Extreme Physiology: Radiation tolerance

Don’t let their small size fool you. Tardigrades, or ‘water bears’, are really tough animals. According to a review published in the American Scientist, these microscopic invertebrates can survive extreme variations in temperature from near absolute zero (-459 deg F) up to +302 deg F. They can also tolerate pressures that are 6 times greater than the deepest ocean, exposure to ionizing radiation (UV and x-ray) and the vacuum of space, as well as exposure to carbon dioxide and monoxide, nitrogen and sulfur dioxide. What’s more, they can survive nearly complete dehydration, an ability called anhydrobiosis. To survive these extreme challenges, the animals go through a state called cryptobiosis during which time they shut down metabolism until the threat is over. For animals that live in moist environments with periodic dry spells, dehydration is a threat.

A new study published in Nature Communications examined whether water bear cellular tolerance to dehydration and radiation could be transferred to human cells. The researchers suspected that because both these threats damage DNA, water bears may use the same protein to protect their tissues. The team sequenced the genome of a species of water bear (Ramazzottius varieornatus), then inserted portions of the genome into cultured human cells. Just as they had suspected, they discovered a gene called Dsup that can prevent DNA damage caused by exposure of the cells to x-rays as well as dehydration.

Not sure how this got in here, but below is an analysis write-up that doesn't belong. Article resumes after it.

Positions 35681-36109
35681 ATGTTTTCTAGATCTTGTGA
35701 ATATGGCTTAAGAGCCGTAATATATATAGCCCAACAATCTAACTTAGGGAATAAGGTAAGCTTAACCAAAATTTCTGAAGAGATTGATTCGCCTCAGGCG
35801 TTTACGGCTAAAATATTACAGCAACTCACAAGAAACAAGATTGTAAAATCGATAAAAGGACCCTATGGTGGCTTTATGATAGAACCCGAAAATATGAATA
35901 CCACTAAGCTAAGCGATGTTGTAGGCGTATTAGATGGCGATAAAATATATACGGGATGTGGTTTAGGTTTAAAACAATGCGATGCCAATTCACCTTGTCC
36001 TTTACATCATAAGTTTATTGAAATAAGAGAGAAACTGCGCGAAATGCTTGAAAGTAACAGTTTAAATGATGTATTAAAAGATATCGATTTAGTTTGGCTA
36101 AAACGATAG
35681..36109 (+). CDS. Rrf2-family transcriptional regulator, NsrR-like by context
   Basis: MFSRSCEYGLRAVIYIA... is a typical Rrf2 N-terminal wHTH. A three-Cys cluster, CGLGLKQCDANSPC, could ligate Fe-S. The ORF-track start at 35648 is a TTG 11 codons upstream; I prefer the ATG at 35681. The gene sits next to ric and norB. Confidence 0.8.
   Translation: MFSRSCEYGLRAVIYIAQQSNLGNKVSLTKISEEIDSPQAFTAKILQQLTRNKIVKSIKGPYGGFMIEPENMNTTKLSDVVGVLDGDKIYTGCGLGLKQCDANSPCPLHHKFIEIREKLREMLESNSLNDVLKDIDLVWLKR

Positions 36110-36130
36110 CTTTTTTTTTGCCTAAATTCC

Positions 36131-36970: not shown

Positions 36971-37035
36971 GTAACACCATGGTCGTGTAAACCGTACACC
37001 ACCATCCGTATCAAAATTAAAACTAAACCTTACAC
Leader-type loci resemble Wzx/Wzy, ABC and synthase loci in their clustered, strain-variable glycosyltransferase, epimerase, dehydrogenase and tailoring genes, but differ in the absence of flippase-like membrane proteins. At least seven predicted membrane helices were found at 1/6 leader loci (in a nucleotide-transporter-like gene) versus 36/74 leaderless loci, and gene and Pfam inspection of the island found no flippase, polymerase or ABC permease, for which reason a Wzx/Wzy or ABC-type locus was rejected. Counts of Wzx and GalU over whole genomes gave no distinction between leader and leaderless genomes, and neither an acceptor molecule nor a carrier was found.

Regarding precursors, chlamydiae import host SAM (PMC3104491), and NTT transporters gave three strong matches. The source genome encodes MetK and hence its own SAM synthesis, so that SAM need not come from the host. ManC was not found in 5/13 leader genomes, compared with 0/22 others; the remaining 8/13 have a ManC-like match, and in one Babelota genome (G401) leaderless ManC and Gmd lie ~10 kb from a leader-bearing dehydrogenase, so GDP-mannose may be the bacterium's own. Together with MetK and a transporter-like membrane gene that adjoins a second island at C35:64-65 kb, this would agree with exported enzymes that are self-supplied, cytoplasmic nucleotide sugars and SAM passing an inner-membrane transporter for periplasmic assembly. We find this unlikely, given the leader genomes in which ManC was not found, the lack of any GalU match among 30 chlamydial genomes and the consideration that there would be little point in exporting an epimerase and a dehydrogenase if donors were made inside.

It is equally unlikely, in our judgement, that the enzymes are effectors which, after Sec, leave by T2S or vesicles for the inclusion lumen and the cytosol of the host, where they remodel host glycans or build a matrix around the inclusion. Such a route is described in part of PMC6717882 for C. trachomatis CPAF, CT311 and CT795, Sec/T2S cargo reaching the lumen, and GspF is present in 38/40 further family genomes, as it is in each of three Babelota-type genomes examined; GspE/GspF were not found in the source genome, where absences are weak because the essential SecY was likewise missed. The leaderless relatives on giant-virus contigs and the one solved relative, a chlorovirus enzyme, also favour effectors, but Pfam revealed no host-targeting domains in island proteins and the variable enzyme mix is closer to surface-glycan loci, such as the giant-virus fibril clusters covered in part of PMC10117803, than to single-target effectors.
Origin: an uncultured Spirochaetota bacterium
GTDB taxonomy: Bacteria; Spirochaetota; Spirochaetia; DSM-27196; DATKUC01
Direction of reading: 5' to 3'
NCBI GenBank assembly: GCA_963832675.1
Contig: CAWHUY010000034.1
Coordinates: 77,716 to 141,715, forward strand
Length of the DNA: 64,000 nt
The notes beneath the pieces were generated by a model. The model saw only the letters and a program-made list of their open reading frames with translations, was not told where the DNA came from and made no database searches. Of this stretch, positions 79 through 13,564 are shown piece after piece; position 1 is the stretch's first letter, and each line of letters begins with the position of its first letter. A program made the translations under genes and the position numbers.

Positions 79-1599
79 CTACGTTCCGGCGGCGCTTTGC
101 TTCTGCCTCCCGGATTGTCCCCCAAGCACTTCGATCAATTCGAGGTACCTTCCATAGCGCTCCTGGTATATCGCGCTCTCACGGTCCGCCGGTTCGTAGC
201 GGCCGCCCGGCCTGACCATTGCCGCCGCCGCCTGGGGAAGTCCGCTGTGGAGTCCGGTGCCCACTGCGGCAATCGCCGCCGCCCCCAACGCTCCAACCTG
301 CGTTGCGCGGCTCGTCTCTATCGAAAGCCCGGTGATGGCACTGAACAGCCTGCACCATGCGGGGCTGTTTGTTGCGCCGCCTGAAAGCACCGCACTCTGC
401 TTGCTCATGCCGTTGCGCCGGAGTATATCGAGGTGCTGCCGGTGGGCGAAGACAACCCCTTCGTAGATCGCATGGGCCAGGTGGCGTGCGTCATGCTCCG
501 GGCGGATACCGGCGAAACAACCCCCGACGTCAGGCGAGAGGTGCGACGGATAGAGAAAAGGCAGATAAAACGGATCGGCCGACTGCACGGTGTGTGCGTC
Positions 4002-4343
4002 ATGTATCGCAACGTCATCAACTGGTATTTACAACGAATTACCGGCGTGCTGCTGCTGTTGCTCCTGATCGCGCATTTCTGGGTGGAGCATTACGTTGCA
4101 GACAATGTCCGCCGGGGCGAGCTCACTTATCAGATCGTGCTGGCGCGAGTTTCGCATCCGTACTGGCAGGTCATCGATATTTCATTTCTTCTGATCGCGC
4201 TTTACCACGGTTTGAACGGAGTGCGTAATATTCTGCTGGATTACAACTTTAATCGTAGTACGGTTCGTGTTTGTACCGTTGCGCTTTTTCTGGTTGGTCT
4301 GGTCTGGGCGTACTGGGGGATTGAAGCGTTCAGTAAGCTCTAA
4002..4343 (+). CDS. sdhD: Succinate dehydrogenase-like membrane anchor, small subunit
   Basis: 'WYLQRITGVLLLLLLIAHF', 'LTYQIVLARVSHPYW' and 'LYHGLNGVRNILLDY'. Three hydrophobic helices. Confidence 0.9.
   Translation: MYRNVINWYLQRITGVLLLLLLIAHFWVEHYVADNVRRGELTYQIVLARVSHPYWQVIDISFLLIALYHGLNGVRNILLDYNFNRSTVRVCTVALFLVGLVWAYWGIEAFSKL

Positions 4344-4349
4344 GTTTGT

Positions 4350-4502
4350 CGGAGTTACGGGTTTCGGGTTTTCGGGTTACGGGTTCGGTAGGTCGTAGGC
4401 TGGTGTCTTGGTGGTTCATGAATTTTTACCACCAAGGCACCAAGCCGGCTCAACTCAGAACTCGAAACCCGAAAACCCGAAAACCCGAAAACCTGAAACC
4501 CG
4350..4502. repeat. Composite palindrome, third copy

The hope is that this discovery may lead to therapies to help protect people receiving radiation therapy or those who work with radiation. It may also help in the development of crops that can tolerate extreme temperatures or radiation – farming on Mars anyone?

Given their amazing tolerance to extreme environments, I am sure the water bear genome sequence will lead to additional discoveries of protective proteins.



American Scientist

Video By Halberg K, J?rgensen A, M?bjerg N [CC BY 4.0 (http://creativecommons.org/licenses/by/4.0)], via Wikimedia Commons